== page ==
Battletech is driven by slow violence. By the crumpling of metal over time, by the gradual accumulation of harm, and by the constant pressure of a world defined by capital. Ship upkeep, salaries, repairs, refitting, resupplying, hiring, every action in Battletech has a price. There is a second siege in Battletech, away from the roar of gunfire and forests scarred by laser fire, there is the world and there is you.
Even if you execute every mission perfectly, even if you extract the maximum amount of profit from every pilot, it never ends, there is no epilogue. The game keeps going, your monthly budget keeps ticking down, the world of Battletech will never stop taking from you, it will never relent. You will never win, you will only survive. The Tauran Concordant will always be there. The Capellan Confederation will always be there. There will always be work and there will always be bills to pay.
There’s a tension at the core of Battletech. The way in which it works to humanize its pilots by giving them personalities and small stories, and the way in which it demands you to see them as components, as ways to produce profit. It is as exhausting as it is brutal. It is a game that asks you to do bad things, almost never explicitly. There aren’t dialogue choices clearly marked as good and evil. There are just systems interlocking, silent demands being made, moments where something has to give. Sometimes you look at how much money you have and how much you’ll be spending, and you realize that the only thing that’ll keep you afloat is to fire a pilot in the medbay, that the only way for your company to subsist, and you will never do more than subsist, is to abandon someone to death. The violence inflicted by capitalism connects all of Battletech’s disparate systems together, it brings into tension the pilot and the machine, the pilot and the corporation, it strains every relationship the game has.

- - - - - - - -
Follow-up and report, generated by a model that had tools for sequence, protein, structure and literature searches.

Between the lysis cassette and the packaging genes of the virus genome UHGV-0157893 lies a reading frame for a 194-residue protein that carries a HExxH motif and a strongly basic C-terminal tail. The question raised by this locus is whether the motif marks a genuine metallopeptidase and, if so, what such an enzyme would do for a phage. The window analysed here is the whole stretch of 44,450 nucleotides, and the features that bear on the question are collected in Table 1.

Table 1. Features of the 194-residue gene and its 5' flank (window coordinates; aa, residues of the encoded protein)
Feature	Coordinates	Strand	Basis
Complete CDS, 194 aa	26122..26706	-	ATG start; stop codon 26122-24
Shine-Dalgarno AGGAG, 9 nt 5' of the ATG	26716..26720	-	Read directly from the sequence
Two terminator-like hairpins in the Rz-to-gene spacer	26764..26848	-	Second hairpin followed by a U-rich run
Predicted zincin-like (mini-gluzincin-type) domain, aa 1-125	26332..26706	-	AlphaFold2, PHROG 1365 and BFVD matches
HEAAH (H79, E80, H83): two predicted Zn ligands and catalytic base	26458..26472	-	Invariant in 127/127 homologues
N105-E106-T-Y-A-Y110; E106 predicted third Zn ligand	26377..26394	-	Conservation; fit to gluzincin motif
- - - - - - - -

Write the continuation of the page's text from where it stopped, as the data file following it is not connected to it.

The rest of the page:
Battletech turns everything into a numbers game, but gives every number a face. It encourages you to play towards maximum efficiency, and then shows you the futility and brutality of that reality. Battletech is not a hopeful game. Despite its difficulty XCOM at least presents the possibility of victory or escape from the alien threat. Battletech does no such thing. You aren’t going to beat capitalism. You are going to scrounge for scraps. You are going to take jobs that make you feel sick. And one day, one mission, you will die.
Shot. Shot. Drop. Clods of dirt cascade then armor dents, then armor caves. Echo already knows how this ends. She slammed her head twice today. The money just isn’t there. She will either die here in this machine from shrapnel puncturing her lungs or from a clean shot to the head or from a weighty fist in her chest, or, she will die in a few months, after the paychecks stop coming in and her hospital bills become too much to bear. The mission is already over, it ended the second OpFor touched ground and opened fire into Cobalt’s back, she was gone like that. She felt every hit. She watched her view screen crack. She heard the sirens blare. It was brutal. And yet the shots kept coming. So Echo stays here, she holds her ground. This pilot. This body, the machine. They will die here today. Her grip tightens. Shot. Shot. Drop. Shot. Shot. Drop. Shot. Shot. Drop. She remembers lips and she remembers songs and she remembers the taste of summer in the rain.